These commonly overlooked non-verbal communication choices can provide a plethora of information about the intentions, emotions, and motivations. We do this unconsciously, and it happens with every confrontation, conversation, and interaction we engage in. The magic lies in the utilization and active interpretation of these signals to improve your listening skills and your communication skills.

Our brains were designed for interpreting our world, which is why we are so good at recognizing subtle nuances and underlying disconnect within our casual encounters. So, when we begin to notice conflicting messages between verbal and non-verbal communication, our brain takes us down a path of troubleshooting.

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Which messages are consistent with this theme over time? Which statements aren’t aligning with what they’re really trying to tell me? How should I interpret their words and body language?

Suppose we want to break things down even further. In that case, one must understand that body language is usually a subconscious event, meaning that we rarely think about our body language. This happens because our brain’s primary focus is to string together words and phrases for verbal communication, which usually requires a higher level of processing. This doesn’t mean that body language will always tell the truth, but it does provide clues to help us weigh information, which can be pretty beneficial in the long run.

Actively interpreting body language can provide you with an edge in your communication skills. It can also be used as a tool to connect with the individual you are speaking to. This process is deeply ingrained into our human fabric and utilizes similar methods babies use while learning new skills from their parents’ traits during the early years of development.

Mirroring a person’s posture or stance can create a subtle bond, facilitating a sense of feeling like one another. This process is triggered via the activation of specific brain regions through the stimulation of specialized neurons called mirror neurons.[5] These particular neurons become activated while watching an individual engage in an activity or task, facilitating learning, queuing, and understanding. They also allow the person watching an action to become more efficient at physically executing the action, creating changes in the brain, and altering the overall structure of the brain to enhance output for that chosen activity.

Listening with intention can make you understand your colleague, and when paired together with mirroring body language, you can make your colleague feel like you two are alike. This simple trick can facilitate a greater bond of understanding and communication within all aspects of the conversation.

Eliminate All Distractions, Once and for All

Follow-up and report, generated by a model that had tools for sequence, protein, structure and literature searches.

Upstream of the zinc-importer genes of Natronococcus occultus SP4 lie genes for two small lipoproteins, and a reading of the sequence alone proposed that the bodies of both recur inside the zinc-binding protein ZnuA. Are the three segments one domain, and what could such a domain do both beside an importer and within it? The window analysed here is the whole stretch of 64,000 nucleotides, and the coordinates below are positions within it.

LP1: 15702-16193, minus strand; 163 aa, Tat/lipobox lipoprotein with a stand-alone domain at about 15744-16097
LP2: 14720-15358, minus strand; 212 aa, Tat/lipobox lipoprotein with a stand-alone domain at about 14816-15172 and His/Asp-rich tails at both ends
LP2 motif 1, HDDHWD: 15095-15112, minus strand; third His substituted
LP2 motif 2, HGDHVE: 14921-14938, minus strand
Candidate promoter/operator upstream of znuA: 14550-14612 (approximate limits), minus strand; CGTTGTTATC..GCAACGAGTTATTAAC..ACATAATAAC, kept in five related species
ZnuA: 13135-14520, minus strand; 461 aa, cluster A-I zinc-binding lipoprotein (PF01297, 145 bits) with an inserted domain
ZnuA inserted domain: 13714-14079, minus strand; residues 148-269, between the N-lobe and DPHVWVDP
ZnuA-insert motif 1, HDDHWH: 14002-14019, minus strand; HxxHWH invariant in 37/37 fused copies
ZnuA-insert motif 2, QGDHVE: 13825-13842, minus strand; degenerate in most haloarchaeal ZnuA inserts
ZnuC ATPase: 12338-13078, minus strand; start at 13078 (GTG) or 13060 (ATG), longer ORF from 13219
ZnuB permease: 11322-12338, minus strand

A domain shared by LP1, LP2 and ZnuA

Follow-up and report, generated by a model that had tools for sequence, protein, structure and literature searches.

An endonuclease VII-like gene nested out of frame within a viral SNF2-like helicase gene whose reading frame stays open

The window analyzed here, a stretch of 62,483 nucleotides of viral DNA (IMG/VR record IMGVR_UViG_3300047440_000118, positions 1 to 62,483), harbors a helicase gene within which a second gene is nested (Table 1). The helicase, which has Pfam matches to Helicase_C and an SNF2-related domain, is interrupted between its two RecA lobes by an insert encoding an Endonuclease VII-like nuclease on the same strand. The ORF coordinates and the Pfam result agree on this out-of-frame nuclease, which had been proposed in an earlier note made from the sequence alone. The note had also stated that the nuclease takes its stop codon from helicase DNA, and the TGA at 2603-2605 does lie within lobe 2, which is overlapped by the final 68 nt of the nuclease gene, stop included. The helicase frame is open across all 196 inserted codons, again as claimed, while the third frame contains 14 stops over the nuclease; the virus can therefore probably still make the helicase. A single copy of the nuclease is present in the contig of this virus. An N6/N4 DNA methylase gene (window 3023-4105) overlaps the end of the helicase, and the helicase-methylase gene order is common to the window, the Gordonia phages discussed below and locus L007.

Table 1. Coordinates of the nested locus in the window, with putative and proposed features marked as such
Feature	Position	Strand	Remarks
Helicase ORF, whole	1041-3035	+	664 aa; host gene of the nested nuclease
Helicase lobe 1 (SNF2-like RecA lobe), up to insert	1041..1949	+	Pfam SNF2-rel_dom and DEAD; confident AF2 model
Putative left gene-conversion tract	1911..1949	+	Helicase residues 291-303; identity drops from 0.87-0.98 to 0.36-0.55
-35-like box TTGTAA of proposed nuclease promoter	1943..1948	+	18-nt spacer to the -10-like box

As Jim Rohn says, “What is easy to do is also easy not to do.” And this is an underlying principle that will carry through in all aspects of communication. Distractions are a surefire way to ensure a lack of understanding or interpretation of a conversation, which in turn, will create inefficiencies and a poor foundation for communication.

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This should come as no surprise, especially in this day in age where people are constantly distracted by social media, text messaging, and endlessly checking their emails. We’re stuck in a cultural norm that has hijacked our love for the addictive dopamine rush and altered our ability to truly focus our efforts on the task at hand. And these distractions aren’t just distractions for the time they’re being used. They use up coveted brainpower and central processes that secondarily delay our ability to get back on track.

Gloria Mark, a researcher at UC Irvine, discovered that it takes an average of 23 minutes and 15 seconds for our brains to reach their peak state of focus after an interruption.[6] Yes, you read that correctly—distractions are costly, error-prone, and yield little to no benefit outside of a bump to the ego when receiving a new like on your social media profile.

Meetings should implement a no-phone policy, video conference calls should be set on their own browser with no other tabs open, and all updates, notifications, and email prompt should be immediately turned off, if possible, to eliminate all distractions during a meeting.

These are just a few examples of how we can optimize our environment to facilitate the highest levels of communication within the workplace.

Actions Speak Louder Than Words

Effective communication in the workplace doesn’t have to be challenging, but it does have to be intentional. Knowledge can only take us so far, but once again, knowing something is very different than putting it into action.

Just like riding a bike, the more often you do it, the easier it becomes. Master communicators are phenomenal listeners, which allows them to be effective communicators in the workplace and in life. If you genuinely want to own your communication, you must implement this information today and learn how to improve your listening skills.

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Choose your words carefully, listen intently, and most of all, be present in the moment—because that’s what master communicators do, and you can do it, too!

More Tips Improving Listening Skills

Featured photo credit: Mailchimp via unsplash.com